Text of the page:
Trust the Yankees 'rebuild and simultaneously compete' process

Brian Cashman no longer has the unlimited budget to build a winner in New York as he once did. Though, he still faces the same pressure from the New York media, the Yankee fan base, and most of all his bosses, to be a contender year in and year out. There certainly have been growing pains under the new Hal Steinbrenner way of operating. Over the past four seasons, the Yanks have only seen the playoffs once and it was an abbreviated appearance, losing a one game wildcard playoff to the Astros in 2015. The idea of the Yankees NOT making the playoffs year in and year out is a difficult one for some of the most spoiled fans in all of sports. But this recent spell should not be considered a knock on Cashman, as much as it is on the “old guard.”
Photo Credit: Brad Penner | USA TODAY Sports

Please don’t get me wrong. I loved George Steinbrenner. Like I really LOVED George Steinbrenner.  In fact, I think it’s a travesty that he didn’t get voted into the Hall of Fame. He put NOTHING ahead of winning at all costs. As a fan, there isn’t much more you could ask for. But under George, Cashman really couldn’t shine as one of the great baseball minds that he is. There was no focus on the farm system or clever deadline deals. It was just spend, spend, spend. What I am about to say may seem crazy, but could it be possible that Cashman will fare better without the bloated budget? 

Just hear me out. When The Boss was around, Cashman didn’t have much choice in the offseason. The Yanks were in on every big name, no questions asked. Now, Cashman has to be conservative and do his homework before even spending a dime. What I’m trying to say is, take a page out of the Philadelphia 76ers book (preferably Joel Embiid's chapter) and trust the process. The faith I have in Cashman is not blind. We all know about the plethora of elite prospects he brought in at the deadline this year, but here are some other moves he’s made in the past five years to benefit the Yankees that went way under the radar for the most part.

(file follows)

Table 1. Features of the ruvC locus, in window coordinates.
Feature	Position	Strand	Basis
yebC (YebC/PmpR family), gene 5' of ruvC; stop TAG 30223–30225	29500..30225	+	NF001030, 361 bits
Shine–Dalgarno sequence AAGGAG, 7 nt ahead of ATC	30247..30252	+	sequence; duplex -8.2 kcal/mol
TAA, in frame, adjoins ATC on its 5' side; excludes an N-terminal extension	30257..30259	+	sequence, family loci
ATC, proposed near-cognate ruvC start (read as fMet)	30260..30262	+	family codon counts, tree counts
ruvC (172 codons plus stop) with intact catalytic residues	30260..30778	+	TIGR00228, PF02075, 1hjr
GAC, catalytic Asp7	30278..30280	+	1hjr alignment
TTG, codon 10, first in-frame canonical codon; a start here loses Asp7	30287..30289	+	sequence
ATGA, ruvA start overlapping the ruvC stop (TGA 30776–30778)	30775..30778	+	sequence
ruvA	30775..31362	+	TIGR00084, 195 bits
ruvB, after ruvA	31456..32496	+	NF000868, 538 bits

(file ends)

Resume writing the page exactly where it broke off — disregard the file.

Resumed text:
• 2010: Traded Andrew Shive and Matt Cusick to Cleveland for Kerry Wood
  • 2011: Trade Jesus Montero and Hector Noesi to Seattle for Michael Pineda
  • 2012: Traded D.J. Mitchell and Danny Farquhar to Seattle for Ichiro Suzuki
  • 2014: Traded Shane Green in three-team deal to Detroit for Didi Gregorius
    • Traded Vidal Nuno to Arizona for Brandon McCarthy
    • Traded Yangervis Solarte and Rafael De Paula to San Diego for Chase Headley
  • 2015: Traded Brendan Ryan and Adam Warren to the Chicago Cubs for Starlin Castro
    • Traded Justin Wilson to Detroit for Luis Cessa and Chad Green
    • Traded Rookie Davis, Eric Jagielo, Caleb Cotham and Tony Renda to Cincinnati for Aroldis Chapman
  • 2016: Traded Aroldis Chapman to the Chicago Cubs for Gleyber Torres, Adam Warren, Billy MckKinney and Rashad Crawford
    • Traded Andrew Miller to Cleveland for Clint Frazier, Justus Sheffield, Ben Heller and J.P. Feyereisen
    • Traded Carlos Beltran to Texas for Dillon Tate, Nick Green, and Erik Swanson
    • Traded Ivan Nova to Pittsburgh for Tito Polo and Stephen Tarpley
Sure, none of these additions are going to get their ticket punched to Cooperstown any time soon, but you cannot argue the fact that they are either important current contributors to the youth movement or past contributors to the team. On top of that, you’ll see he didn’t give up much to get any of them, nor did he have the luxury of having a rich farm system to work with until this season. It was necessary to take a step back in order to take a step forward. We still may be a couple years away from being back in the category of World Series contender, but you can bet that this time around, we will be there to stay for the long haul. The combination of young, affordable talent and money that will free-up should put the Yankees in the mix for another decade of long postseason runs. Until then, sit back and let Brian Cashman do what he does best, and trust the process.

Article by: Jesse Bartley

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